Transcript for Sen. Tom Cotton: Military Action Against Iran Must Remain an Option
At this 11th hour, despite some differences that remain, we have never been closer to a lasting outcome. But there is no guarantee. Getting to yes requires the courage to compromise, the self-confidence to be flexible. The maturity to be reasonable. The wisdom to set aside illusions and the audacity to break old habits. That's the Iranian foreign minister echoing president Obama's awe daisty of hope. Just days ahead of the latest deadline, the optimism from the Iranian side unwelcome news to our next guest, Tom cotton of Arkansas. Senator cotton, welcome. This morning, what do you make of that optimism from the foreign minister of Iran? George, it's good to be on with you. Iran is an anti-america regime that's killed thousands of Americas from Iraq to Beirut. That video that zarif posted over the weekend, with his smug tone shows just far down the path we have gone to Iran's position. Iran had been negotiating from a position of weakness. This is not like Russell Wilson and cement seahawks trying to reach a contract that makes everybody happy. Iran should have faced a simple choice, they dismantled their nuclear program entirely or face economic devastation and military destruction of their nuclear facilities. As this video shows, they think they're negotiating from a position of strength. He goes on to say that those like you who believe that will Iran will submit to military coercion are delusional. If that's the case, they wouldn't have come to the negotiating table to begin with in November. It was the fact of sanctions in 2013 and the threat of even tighter sanctions that drove them to the negotiating table. That's why we shouldn't have let up those sanctions. We should have insisted on the simple terms that president Obama himself imposed at the outset of this. Iran dismantle their nuclear program entirely, then they'll get sanction relief. You know, some of president Obama's former advisers have echoed some of their concerns, but they say that if you get a deal that provides for inspections of Iran's military sites, until it proves that Iran is meeting the terms of the deal that it would be a good deal and it will give the United States and the world 10, 15 years of breathing space, why isn't that good enough? George, it's notable that some of president Obama's own former advisers have begun to walk away from the proposal that he's made. If there's no sanctions relief until there's a long-term performance on Iran's part, if they fully answered all the past work to weaponize their nuclear program, that might be a better deal. It doesn't address the concessions that have already been made, by letting them keep the centrifuges and their ballistic missile programs. And destabilize the middle east. Finally, senator, you said the U.S. Military strike against Iran could succeed in short order. Isn't Iran in a better position to retaliate than saddam hussein in 1998? Aren't you worried about striking out Iran might strengthen our other threat, Isis? No, George. It's not the first choice, but military force does have Tory -- to remain an option if our diplomacy is going to be important. President Obama said that we spend $600 billion on our military. The clear implication is that the fact of the matter that we have unique capabilities and we can destroy Iran's nuclear facilities and their command and control facilities, and all of our allies in the region wish we could take a more forceful position by keeping that military option on the table. Because it will result if a better deal. Thank you for your time. Turning to Ben cardin. You just heard senator cotton saying that he doesn't believe that the administration could reach a deal. Have you given up hope? If they reach an agreement, it will be pretty close. It will be judged by the terms of the agreement. The best option is a strong agreement, we'll have a chance I hope soon to see that agreement. So, what is your bottom line on what that agreement has to contain? Well, enough time that we can through inspections determine whether Iran is complying with the terms of the agreement. It's got to be comprehensive. Prevent Iran from any steps towards producing a nuclear weapon, which means that you have to have full inspections and inspections of the military sites and to determine if they use covert activities in order to develop a nuclear weapon, you have to be able to leverage the sanction relief to the actual progress they're making. You need to know the history of their nuclear program so that we have a baseline moving forward. These are all critical terms that must be in an acceptable agreement. But as you know, secretary Kerry has indicated for example, it may not to be necessary to have a full look back at the Iran nuclear program. I think you have to have a lookback. Whether they have to acknowledge in the past I think that was what secretary Kerry was talking about. But the inspectors need to know what has taken in the past so ey have a baseline moving forward. We need to know their military dimensions. That's necessary in order to have effective oversight on Iran's programs. Depending on when and if this deal gets done, review the terms of this deal, are you confident that the administration will be able to pass a deal? It depends on what's in that agreement, the best option is a strong agreement. Congress will do an independent oversight. I was very proud working with senator corker, we got unanimous support in our community and near-unanimous support in congress for congressional oversight. We'll have a chance to review this agreement and we'll be able to see whether in fact we have open inspections. Whether the sanction relief is commiserate, what type of reer is as much allowed to go forward. We can properly evaluate and decide which actions would be appropriate for us to take. Senator, thank you for your time this morning.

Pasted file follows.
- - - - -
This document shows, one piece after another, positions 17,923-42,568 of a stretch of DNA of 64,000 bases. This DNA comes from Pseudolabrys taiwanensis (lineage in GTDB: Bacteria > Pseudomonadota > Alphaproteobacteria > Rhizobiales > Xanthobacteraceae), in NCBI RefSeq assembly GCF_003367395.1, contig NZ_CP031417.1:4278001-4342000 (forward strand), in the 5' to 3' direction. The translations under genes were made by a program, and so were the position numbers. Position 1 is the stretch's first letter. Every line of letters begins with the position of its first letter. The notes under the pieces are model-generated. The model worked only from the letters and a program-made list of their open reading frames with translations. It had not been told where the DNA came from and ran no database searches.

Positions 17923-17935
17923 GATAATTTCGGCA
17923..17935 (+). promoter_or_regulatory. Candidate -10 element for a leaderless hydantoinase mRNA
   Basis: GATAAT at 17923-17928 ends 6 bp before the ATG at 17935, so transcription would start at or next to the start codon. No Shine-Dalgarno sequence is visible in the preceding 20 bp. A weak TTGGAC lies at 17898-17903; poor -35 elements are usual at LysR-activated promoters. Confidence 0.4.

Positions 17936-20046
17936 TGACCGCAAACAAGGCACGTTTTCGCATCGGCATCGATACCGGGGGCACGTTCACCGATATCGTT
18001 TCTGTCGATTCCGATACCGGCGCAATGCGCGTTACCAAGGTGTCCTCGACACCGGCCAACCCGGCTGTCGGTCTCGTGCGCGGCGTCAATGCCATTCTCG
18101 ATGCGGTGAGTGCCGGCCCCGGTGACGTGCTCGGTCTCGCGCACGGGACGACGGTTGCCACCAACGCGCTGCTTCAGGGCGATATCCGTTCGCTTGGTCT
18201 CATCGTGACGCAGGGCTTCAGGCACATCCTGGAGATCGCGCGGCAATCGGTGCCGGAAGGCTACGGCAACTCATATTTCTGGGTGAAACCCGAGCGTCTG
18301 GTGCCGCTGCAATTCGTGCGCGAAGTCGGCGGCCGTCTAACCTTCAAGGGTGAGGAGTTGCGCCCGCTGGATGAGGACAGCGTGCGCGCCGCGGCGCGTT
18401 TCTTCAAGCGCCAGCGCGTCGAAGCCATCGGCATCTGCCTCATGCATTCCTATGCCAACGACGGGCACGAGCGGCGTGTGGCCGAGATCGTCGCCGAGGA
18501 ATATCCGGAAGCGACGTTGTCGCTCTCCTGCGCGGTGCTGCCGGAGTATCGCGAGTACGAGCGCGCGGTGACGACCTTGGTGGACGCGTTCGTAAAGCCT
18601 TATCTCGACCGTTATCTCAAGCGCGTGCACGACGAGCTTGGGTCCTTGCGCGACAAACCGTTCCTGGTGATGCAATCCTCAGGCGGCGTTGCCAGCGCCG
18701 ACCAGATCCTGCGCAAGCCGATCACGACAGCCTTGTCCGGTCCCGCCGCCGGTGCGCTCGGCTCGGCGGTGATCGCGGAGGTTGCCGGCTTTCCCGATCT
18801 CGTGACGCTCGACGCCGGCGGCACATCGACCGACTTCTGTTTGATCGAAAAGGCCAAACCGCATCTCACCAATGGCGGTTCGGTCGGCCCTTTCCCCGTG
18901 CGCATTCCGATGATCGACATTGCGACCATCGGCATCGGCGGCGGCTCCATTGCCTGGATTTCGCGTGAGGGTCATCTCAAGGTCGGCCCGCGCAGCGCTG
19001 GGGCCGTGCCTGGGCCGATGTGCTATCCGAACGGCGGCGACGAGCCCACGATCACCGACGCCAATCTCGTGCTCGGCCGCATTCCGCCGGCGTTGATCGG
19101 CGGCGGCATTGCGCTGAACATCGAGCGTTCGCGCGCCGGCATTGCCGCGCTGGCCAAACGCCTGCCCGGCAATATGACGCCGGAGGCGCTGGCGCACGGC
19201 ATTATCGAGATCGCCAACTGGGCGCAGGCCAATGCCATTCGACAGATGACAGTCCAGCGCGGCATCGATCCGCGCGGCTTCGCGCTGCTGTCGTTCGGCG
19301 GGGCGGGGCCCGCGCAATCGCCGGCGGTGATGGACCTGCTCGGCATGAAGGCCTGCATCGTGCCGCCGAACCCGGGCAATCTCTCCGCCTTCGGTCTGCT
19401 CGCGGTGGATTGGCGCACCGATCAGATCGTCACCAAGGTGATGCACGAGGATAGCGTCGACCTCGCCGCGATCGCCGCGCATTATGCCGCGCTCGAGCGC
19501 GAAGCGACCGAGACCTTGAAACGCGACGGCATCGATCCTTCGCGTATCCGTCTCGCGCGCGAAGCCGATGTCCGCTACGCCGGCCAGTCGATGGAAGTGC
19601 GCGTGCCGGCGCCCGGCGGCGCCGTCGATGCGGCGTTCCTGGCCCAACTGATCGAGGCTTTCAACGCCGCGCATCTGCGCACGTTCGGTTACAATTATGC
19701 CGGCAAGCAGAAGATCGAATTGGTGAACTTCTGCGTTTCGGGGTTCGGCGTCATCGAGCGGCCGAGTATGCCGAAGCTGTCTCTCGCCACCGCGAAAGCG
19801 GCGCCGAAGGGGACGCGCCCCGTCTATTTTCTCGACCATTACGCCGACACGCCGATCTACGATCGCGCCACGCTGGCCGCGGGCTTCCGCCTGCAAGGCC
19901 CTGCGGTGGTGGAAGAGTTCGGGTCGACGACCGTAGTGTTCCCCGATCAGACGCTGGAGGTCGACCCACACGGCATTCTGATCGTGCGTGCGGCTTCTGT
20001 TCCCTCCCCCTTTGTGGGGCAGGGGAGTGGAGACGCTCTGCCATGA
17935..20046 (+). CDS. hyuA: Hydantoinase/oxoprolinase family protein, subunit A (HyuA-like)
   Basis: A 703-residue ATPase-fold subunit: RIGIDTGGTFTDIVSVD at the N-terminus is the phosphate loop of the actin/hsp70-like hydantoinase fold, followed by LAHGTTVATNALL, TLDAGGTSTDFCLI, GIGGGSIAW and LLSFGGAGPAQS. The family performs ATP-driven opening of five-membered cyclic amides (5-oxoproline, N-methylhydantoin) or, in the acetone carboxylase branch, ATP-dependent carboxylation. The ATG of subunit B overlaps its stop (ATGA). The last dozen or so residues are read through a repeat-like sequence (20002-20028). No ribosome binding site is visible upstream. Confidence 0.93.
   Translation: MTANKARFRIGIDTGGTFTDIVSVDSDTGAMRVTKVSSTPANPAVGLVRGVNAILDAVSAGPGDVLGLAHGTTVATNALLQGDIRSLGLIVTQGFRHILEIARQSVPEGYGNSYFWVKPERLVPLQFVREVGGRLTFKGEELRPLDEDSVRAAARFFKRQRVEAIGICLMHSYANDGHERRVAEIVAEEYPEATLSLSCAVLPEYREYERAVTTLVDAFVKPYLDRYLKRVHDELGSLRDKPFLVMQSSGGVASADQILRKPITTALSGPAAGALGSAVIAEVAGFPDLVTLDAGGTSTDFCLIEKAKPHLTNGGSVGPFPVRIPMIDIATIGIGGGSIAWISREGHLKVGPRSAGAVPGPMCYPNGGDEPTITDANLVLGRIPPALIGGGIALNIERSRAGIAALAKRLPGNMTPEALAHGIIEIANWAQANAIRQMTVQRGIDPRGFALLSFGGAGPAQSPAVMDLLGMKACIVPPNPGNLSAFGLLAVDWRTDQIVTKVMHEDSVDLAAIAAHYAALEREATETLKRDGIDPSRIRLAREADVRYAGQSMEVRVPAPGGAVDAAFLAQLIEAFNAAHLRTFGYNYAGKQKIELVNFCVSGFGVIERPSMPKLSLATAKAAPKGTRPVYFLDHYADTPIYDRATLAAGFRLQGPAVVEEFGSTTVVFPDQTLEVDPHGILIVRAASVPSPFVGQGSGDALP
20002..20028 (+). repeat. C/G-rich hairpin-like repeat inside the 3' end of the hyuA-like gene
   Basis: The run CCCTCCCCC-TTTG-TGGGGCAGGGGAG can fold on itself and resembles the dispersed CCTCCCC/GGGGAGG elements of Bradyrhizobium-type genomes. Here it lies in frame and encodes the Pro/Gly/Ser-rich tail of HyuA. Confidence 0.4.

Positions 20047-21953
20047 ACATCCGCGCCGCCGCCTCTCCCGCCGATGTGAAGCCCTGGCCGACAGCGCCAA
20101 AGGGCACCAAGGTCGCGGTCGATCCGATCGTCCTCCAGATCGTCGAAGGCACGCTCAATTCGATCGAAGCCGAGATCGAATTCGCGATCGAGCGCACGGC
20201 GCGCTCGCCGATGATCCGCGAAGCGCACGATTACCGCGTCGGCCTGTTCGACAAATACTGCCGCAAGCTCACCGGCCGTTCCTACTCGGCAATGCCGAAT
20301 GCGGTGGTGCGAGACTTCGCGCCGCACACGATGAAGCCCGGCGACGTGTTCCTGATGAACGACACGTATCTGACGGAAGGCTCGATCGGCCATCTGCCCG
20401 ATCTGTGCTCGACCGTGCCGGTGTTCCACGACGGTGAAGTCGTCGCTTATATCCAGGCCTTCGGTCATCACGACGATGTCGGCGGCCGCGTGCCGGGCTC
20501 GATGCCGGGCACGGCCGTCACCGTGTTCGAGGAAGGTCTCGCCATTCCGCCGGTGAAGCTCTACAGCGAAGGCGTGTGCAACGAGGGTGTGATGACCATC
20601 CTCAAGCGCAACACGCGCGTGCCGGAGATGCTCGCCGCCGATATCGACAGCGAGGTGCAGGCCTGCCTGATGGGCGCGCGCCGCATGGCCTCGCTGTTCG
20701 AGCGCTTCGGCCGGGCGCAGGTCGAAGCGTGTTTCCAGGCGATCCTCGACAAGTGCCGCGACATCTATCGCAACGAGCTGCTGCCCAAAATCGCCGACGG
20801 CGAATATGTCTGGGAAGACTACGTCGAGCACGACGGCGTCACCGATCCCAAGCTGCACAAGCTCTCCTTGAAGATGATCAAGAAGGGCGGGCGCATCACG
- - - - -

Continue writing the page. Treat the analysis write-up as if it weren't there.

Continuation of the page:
This transcript has been automatically generated and may not be 100% accurate.